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What We Know About 2016

In the January issue of Strategic Investment (which you should receive in the next day or two), James Dale Davidson outlines some of his predictions.

Here’s what we know for sure:

  • The Fed is raising rates even though its own indicators say it shouldn’t. Core inflation rates aren’t yet above 2%, and wages aren’t going higher even though unemployment is supposedly around 5%. By raising rates now, the Fed is making a gamble that the economy should improve enough in 2016 to support higher interest.
  • The emerging markets have another bad year ahead. Although we’ve seen stocks in emerging markets fall for some time now, the reality is this correction has further to go. Remember, emerging markets are tied very closely to commodities. As long as resources remain in a rout, we can’t seriously expect emerging markets to improve. In Brazil alone, inflation is above 10% — meanwhile, the economy is shrinking, and the government continues to raise taxes to try and blunt the budget deficit. We may see a bottom in 2016, but that implies we have further down the rabbit hole to go.
  • China is in a slow-motion implosion. GDP in China used to grow at a clip of more than 10% per year. Today, it’s growing at less than 7%. According to the Los Angeles Times: “The country witnessed huge stock market volatility in 2015; a devaluation of its currency, the renminbi; falling imports and exports; and rising concern about nonperforming loans.” Chinese officials expect property prices to fall as much as 10% next year. This has major implications for China — and for the world. Remember, China was the engine that drove the world economy right after the financial crisis of 2007 to 2009. If China continues to falter, there is no doubt that the global economy will suffer as a result. For as long as China slows, commodities, American exporters and emerging markets will underperform.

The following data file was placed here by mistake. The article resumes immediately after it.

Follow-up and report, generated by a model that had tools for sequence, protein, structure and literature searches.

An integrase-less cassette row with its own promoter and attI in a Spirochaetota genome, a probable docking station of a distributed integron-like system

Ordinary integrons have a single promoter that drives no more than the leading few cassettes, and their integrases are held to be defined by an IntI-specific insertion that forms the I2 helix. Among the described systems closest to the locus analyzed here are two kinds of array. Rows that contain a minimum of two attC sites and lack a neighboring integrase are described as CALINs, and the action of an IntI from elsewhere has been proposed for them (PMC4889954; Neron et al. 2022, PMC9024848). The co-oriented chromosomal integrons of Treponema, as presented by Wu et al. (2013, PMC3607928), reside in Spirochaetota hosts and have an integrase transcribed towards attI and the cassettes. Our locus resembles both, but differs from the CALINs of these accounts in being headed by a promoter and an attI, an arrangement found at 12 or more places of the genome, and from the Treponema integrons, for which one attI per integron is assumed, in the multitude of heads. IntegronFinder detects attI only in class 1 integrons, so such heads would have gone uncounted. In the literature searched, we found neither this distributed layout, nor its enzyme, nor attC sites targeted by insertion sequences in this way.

• If we enter an official recession next year, it would be one most of the world didn’t expect. The Organization for Economic Development expects global GDP to grow by 3.3% next year. Most central banks expect similar results. What that means is this: Recession is not priced into current stock prices. Should we see a recession, stock prices could easily fall by 20% to 30%.
  • 2016 will be a stock picker’s market. By that, I mean the number of divergences in the market are increasing. You can’t simply throw a dart at any stock and watch it appreciate. Now, you have to be picky about what sectors you choose to invest in. Commodities will only become attractive once a bottom is in. The same goes for emerging markets. To the extent that I would invest in something like junk debt, it would be as a short or put option, which allows you to make money as prices decline. But other sectors (like the Internet, consumer staples and health care) should continue to see money pour in.

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All in all, 2016 is going to be tougher than the year before. The fact that we have a presidential election coming up will only add to the uncertainty we already face. In past elections, the market typically moves higher during an election year. But in 2008, we saw the opposite: Stocks dropped 33%.

So who knows what stocks will do this year? All I know is that, while we do see some pockets of strength, the bad news keeps accumulating month by month.

As far as our portfolio is concerned, you can see it here. Our positions continue to do well. Expect some adjustments in the January issue.

That’s all for this year.

Thank you again for joining us on this amazing journey. May we have many more profitable years to come!

Take care,
Charles Del Valle
Charles Del Valle
Editor, Strategic Investment